June 7, 2013
How Professional Sports General Managers are Minimizing Risk with SPC
Picture this: a major league slugger cranks 55 home runs and manages to drive in 160 RBIs over the course of a season during a contract year. This is, by all means, a legendary amount of production—one for the history books. And as a result, his efforts earn him a record contract that will pay him nearly $300 million over the next 10 years.
Then, the problems start. The next season, production drops dramatically. He tops out with fewer than 30 home runs and lands on the disabled list in August, keeping him on the bench for the most important part of the team’s run—the playoffs. And over the course of the next five seasons, he never even comes close to reproducing what the team thought he was capable of when they signed him.
This scenario has been happening frequently in professional sports. Teams continue to dole out astronomically high payloads for players who do not even come close to meeting their expected output.
In baseball, a hitter that produces two out of every 10 times he is at the plate is considered to be in a “slump.” But in manufacturing, a product that fails even 1% of the time can be a disaster.
In response to this problem, many general managers are seeking methods for tracking player production and very oftentimes that quest lands them on statistical process control (SPC) which helps them avoid the perils of speculation based on previous seasons’ statistics. Just as statistical process control provides manufacturers with real-time data as products are being made in factories, it can also help professional sports franchises monitor player performance quality on a daily basis, both in practice and in games.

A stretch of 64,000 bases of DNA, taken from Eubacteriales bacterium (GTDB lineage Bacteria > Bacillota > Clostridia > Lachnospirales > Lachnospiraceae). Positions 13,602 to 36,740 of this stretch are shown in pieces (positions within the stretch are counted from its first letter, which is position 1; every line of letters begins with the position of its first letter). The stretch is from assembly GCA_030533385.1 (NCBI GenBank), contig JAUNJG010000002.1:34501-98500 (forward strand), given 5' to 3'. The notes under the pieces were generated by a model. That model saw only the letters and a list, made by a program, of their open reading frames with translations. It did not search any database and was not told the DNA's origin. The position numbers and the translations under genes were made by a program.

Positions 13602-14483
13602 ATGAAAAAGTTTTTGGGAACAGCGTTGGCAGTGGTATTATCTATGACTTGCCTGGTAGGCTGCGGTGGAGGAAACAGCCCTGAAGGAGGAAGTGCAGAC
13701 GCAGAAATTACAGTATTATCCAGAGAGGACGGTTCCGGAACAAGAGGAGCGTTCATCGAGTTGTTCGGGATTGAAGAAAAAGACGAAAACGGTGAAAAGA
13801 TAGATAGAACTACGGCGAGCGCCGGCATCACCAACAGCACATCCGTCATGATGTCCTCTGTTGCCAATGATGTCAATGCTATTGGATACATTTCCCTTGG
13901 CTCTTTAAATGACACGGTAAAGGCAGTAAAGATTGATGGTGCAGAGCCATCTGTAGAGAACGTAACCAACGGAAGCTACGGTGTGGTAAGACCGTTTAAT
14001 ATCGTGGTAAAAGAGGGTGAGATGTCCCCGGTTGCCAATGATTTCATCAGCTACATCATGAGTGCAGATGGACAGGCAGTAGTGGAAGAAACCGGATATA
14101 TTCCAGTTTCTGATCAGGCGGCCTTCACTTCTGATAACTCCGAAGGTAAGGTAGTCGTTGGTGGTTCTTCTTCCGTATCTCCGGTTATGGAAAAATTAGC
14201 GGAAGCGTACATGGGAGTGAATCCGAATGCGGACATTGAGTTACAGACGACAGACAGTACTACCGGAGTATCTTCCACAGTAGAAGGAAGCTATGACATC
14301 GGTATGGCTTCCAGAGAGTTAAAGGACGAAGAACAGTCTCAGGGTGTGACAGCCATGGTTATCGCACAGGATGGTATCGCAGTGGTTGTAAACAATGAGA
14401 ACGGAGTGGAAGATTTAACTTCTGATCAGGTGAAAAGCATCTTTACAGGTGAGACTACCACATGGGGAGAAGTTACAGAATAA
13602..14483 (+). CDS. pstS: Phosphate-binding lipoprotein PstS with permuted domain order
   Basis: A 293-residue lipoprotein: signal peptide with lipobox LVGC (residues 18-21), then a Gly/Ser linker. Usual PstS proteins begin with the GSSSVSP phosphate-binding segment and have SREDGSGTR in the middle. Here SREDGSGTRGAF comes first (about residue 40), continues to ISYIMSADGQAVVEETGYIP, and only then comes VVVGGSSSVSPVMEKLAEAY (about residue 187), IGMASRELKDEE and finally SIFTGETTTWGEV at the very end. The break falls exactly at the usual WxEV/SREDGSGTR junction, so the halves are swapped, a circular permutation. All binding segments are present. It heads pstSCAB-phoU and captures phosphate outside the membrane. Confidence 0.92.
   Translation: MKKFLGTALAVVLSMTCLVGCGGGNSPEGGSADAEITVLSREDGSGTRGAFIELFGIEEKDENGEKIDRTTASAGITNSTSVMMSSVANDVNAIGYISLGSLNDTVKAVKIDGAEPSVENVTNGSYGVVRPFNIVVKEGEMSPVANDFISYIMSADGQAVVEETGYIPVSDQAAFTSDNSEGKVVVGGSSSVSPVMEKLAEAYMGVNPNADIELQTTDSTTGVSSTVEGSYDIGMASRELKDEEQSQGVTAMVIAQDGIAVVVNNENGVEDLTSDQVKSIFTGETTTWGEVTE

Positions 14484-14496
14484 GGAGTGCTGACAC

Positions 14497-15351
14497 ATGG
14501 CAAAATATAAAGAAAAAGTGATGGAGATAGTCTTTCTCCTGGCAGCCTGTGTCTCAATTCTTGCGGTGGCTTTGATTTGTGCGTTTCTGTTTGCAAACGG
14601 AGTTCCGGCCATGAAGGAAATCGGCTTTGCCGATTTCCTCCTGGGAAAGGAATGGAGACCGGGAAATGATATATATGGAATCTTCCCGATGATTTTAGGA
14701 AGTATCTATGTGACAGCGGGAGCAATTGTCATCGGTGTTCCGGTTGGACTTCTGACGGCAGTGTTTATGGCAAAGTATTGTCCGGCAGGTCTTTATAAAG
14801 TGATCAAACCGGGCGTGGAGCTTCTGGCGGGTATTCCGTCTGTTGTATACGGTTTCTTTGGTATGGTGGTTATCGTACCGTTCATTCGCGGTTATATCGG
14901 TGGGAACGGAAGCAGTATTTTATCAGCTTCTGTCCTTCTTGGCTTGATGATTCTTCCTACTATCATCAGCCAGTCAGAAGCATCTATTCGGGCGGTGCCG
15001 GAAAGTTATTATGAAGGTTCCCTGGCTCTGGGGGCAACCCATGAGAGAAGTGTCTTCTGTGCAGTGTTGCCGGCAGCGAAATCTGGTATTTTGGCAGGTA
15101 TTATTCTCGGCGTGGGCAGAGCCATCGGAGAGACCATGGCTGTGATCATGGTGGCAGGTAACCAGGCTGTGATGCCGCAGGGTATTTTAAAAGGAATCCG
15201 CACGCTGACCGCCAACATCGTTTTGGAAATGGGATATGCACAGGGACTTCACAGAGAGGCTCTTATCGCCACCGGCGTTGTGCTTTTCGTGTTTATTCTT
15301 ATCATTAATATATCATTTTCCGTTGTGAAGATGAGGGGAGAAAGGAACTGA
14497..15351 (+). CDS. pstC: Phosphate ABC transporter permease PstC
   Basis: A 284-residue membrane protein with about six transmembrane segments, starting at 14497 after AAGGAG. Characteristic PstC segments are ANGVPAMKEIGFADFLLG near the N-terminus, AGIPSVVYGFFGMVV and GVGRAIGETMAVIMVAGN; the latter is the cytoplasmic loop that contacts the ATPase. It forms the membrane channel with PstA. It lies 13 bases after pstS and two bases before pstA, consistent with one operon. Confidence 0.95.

Some NBA teams, for instance, now attach accelerators to jerseys to gauge how quickly players are capable of accelerating from a standing position. Statistics are being collected on everything from heart rates to individual body motions such as a swing or a throw, to transform players from humans into something closer to a machine when they are performing.
At the end of the day, professional sports are based on numbers—just like manufacturing. And just like CEOs have to justify what spend and prevent errors before they happen, sports organizations strive to minimize errors before issuing contracts. Players are investments, and investments are meant to produce. And statistical process control is a means of ensuring that an investment will return a guaranteed level of production after a player receives the money that they are given.